Questions About Jodan

by Zak Pullen
(Statesboro, Ga, U.S.)

I am new to Kendo. I have been doing it for the greater part of the year. I don't have a dojo, just a collegiate Kendo club with a senior student and no sensei.


As it stands we are getting someone from a city over to come act as our sensei about once a month or so.

I haven't gotten to meet him yet and as helpful as my fellow club members are, there information just doesn't collaborate with anything I have seen or read.

To top it off some of the things I have read up on are vague or contradictory of one another. I am extremely interested in learning Jodan-No-Kamae, but this subject is especially hard to find good details on.

I have found multiple articles and multiple explanations, but nothing concrete and detailed. I know that self teaching can be problematic in Kendo, I just want to know more so I can at least get an idea of some of the movements mindsets and strategies behind it.

The thing that intrigues me so much about it is the spiritual and mental aspects of it. I know the aggressive style of it comes from the intense spirit of the user. In a way it seems as a battle of wills of sorts.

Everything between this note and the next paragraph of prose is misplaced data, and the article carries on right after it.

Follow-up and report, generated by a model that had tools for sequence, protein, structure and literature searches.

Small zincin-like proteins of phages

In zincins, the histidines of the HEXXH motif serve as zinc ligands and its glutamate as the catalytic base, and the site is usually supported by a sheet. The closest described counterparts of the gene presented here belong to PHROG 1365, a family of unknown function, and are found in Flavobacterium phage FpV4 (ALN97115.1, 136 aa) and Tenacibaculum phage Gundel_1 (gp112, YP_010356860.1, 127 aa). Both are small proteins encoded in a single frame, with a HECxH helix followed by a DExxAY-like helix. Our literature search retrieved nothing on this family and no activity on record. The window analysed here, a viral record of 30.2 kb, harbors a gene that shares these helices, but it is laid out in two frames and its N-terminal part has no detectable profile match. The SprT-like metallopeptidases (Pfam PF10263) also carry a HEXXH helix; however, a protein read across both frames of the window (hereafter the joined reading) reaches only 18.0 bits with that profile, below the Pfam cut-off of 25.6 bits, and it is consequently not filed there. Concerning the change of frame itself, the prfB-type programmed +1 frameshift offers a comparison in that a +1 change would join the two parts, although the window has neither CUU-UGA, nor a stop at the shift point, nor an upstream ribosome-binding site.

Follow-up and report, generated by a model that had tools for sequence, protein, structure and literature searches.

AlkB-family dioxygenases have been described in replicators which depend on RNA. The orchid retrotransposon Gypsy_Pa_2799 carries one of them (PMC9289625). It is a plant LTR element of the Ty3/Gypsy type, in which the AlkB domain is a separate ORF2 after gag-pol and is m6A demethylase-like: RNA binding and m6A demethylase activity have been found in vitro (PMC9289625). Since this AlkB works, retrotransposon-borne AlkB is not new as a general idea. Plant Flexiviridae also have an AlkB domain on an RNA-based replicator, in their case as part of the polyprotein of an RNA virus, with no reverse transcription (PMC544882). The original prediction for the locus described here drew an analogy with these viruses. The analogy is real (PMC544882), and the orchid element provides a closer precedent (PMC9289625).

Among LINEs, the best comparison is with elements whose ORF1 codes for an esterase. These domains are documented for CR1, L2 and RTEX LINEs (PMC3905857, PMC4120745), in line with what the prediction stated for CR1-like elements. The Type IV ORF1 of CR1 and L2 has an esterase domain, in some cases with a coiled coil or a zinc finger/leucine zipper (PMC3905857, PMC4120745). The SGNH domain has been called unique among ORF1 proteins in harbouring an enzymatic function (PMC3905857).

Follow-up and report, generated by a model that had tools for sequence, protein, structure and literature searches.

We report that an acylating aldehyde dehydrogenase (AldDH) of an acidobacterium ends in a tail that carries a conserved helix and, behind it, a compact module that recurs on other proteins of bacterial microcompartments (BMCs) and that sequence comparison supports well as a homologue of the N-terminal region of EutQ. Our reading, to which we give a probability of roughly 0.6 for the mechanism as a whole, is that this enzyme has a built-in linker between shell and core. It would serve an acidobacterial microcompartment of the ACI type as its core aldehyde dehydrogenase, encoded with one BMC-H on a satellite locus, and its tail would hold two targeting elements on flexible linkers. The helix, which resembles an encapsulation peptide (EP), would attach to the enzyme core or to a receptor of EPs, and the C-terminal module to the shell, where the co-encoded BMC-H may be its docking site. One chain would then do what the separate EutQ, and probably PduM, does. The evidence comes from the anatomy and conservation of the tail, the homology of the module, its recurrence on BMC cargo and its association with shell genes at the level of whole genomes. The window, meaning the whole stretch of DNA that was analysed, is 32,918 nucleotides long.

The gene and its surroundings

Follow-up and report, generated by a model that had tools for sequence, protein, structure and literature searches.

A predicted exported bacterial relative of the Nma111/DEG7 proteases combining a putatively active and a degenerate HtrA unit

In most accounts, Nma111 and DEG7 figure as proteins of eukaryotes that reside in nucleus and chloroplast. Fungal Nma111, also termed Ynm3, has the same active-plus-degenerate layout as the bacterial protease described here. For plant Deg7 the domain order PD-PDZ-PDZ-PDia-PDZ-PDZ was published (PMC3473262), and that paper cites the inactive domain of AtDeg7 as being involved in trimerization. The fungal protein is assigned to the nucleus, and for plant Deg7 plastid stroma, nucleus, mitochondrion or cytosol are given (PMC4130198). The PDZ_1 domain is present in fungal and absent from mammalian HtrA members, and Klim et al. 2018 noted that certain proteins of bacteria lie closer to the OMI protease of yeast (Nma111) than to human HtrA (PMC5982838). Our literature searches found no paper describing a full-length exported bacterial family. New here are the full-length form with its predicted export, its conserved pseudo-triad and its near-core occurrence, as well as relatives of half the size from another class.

Other than the defensive stances against it, all I know is some general stance details that you can get from a picture or watching.

If you know anything more or have any suggestions it is appreciated. Thanks again I've always been a big fan of your site keep up the good work.

Answer: Thank you for your post and kind words, Zak. As you said it yourself, self-teaching is very problematic and beside jōdan is not for beginners. You do need an instructor to learn jōdan.

Having said that, the jōdan is called a kamae of the fire level. What that means is, as you described, you must have fire-like ki energy inside you. In other words, you must overwhelm your opponent with only ki.

Because when we take jōdan, we do not have our sword in front of us like chūdan. That means we are showing our opponent our body with no protection. Simply it is very fearful for jōdan practitioners.

Also jōdan cannot use their shinai to control their opponent’s shinai. Jōdan people need to make an opening without using shinai.

That is why jōdan practitioners must have a great ki. Thus, this is not for beginners.

It is said that jōdan practitioners must have an image of fudōmyō-ō. It is surrounded by the fire and it won’t move. That is why we use this as an example of what attitude we should have when taking jōdan.

I am not going into techniques here.
 

Hope this helps.

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